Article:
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Numerous mediateacher posts have explored media literacy and its integral relationship to social studies in contemporary education, including Media Manipulation: An Ongoing Story, Media Literacy and Social Studies: Clash at Lincoln Memorial, Media Literacy and Social Studies: Portraits of America, and Infekted Minds. Currently, our tumultuous times bring us what seem to be daily examples of media messages intersecting with how events are actually playing out and the ways in which we process them. Here is a striking example of a video essay from the op-ed pages of the New York Times: The Bill of Rights, Revised. This can serve as a resource for classroom debate along with linked viewpoints and journalistic reporting from a range of online, print, video, and audio media resources.

Telling History

Students involved in producing media projects are telling their own stories, and at times these creations become historical artifacts. With the first pandemic in over a century spreading throughout the world, students are connecting to teachers, other students, and their learning through virtual interactions. By depicting a particular moment in time as it develops, we may end up capturing pieces of history and creating artifacts that becomes primary source documents. Here is one example of a project made recently by Hannah Schweitzer, one of my high school students. It is an example of the Portrait Project that is the primary video production exercise in Chapter 5 of Moving Images.

In earlier posts, mediateacher.net has featured posts that highlight lessons that can be learned from study of movies from the Star Wars franchise, particularly with Rogue One and innovative work in sound design.  Along with the superbly detailed book The Making of Star Wars: The Definitive Story Behind the Original Film by J.W. Rinzler, there is this YouTube video that explores how George Lucas arrived at his final cut of Star Wars through the work of his editors Paul Hirsch, Richard Chew, and Marcia Lucas) and which can be very eye-opening to students about the development of story and the power of the editing process (and all of the stages of movie production) in arriving at the definitive version of a film.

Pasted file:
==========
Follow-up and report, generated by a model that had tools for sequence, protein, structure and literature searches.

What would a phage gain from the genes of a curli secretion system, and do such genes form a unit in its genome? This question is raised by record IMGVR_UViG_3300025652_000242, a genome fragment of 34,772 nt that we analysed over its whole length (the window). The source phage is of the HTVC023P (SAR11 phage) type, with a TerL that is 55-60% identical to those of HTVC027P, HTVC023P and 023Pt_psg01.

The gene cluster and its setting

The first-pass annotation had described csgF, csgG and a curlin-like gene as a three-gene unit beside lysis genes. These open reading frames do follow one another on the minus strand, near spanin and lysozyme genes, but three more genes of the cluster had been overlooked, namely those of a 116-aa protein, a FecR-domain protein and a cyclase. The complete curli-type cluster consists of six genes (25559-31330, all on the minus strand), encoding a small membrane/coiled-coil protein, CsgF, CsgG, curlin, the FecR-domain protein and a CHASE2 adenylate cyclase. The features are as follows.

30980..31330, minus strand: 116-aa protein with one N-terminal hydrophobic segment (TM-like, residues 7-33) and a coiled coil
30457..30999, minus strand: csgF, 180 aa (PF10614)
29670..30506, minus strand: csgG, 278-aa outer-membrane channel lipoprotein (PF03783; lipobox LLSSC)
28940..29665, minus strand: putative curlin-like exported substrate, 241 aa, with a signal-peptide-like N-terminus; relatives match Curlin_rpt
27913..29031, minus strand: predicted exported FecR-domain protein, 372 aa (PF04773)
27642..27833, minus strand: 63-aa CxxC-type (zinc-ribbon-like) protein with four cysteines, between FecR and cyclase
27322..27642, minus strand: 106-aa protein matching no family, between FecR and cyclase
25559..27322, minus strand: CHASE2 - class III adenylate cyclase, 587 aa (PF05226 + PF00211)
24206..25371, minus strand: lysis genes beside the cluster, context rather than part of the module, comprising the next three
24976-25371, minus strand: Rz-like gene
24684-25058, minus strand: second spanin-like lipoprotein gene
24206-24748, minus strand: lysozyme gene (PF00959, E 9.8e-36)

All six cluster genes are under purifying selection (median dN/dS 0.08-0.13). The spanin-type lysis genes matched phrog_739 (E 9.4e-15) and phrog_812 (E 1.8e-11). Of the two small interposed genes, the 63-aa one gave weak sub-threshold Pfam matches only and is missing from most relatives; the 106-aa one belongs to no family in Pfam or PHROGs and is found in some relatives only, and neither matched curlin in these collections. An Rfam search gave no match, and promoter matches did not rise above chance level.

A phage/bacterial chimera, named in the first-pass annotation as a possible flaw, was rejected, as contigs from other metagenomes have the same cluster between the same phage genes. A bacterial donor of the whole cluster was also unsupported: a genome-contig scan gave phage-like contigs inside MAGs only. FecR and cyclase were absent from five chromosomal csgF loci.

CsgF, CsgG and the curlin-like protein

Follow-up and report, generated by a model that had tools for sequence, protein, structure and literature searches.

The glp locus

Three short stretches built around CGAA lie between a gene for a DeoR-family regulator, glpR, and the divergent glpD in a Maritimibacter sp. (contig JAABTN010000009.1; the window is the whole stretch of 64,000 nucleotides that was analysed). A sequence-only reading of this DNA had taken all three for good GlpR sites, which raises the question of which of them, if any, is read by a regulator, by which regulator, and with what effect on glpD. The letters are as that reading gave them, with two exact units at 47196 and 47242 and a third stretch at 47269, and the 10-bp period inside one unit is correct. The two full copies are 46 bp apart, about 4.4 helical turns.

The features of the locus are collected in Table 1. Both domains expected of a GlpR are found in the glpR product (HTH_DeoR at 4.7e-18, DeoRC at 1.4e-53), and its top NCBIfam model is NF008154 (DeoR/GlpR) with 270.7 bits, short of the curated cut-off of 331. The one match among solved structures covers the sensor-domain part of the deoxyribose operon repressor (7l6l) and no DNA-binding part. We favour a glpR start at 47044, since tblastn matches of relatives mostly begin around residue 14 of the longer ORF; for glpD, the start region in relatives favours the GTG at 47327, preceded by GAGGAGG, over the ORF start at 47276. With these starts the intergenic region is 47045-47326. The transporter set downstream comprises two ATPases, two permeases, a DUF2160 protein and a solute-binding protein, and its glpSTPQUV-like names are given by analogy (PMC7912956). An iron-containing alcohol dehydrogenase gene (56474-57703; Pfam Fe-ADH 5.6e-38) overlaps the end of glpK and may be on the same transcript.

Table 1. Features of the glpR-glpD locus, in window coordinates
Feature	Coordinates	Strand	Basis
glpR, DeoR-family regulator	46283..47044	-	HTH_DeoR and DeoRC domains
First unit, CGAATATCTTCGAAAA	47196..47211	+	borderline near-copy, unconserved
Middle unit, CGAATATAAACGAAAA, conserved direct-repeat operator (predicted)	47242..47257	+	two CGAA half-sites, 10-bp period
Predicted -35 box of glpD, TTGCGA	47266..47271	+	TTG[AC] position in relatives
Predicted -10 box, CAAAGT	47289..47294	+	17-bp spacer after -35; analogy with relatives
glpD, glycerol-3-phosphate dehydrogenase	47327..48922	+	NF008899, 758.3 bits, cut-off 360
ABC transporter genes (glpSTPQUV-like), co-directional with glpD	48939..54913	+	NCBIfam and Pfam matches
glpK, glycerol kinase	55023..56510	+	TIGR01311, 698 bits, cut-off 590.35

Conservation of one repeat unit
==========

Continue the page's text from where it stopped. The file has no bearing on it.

So there are lists all over the place, of course, to mark raves and disses across the spectrum of motion picture media, for the year or the decade past.  I really liked this one with a nice theme curated by the folks at Criterion: Hidden Gems of the 2010s. And it’s worth it just to see the suggestion for Twin Peaks to “become part of the core curriculum of high schools across this country.” Hahaha, we’ll see about that!

And for documentaries? Try this list from Paste, which has informative intros for their 30 choices.

There was this interesting piece from a couple of years ago picking 25 best movies for this century so far (until then, at least), and it has a link to choices from Sofia Coppola, Denis Villeneuve, and Alex Gibney, among others. Speaking of Villeneuve and Coppola, Dune and On the Rocks are both due in 2020!

I am presenting Media Creation in Action: MLE Collaborative Principles in the Classroom at the Northeast Media Literacy Conference in Providence, Rhode Island, on November 8, 2019.  Welcome to my presentation!

Here is a pdf of the slideshow. Here is one of the exercises described through the case study.

Don’t forget this post with screenwriting resources!  Here is the interview referenced in the case study.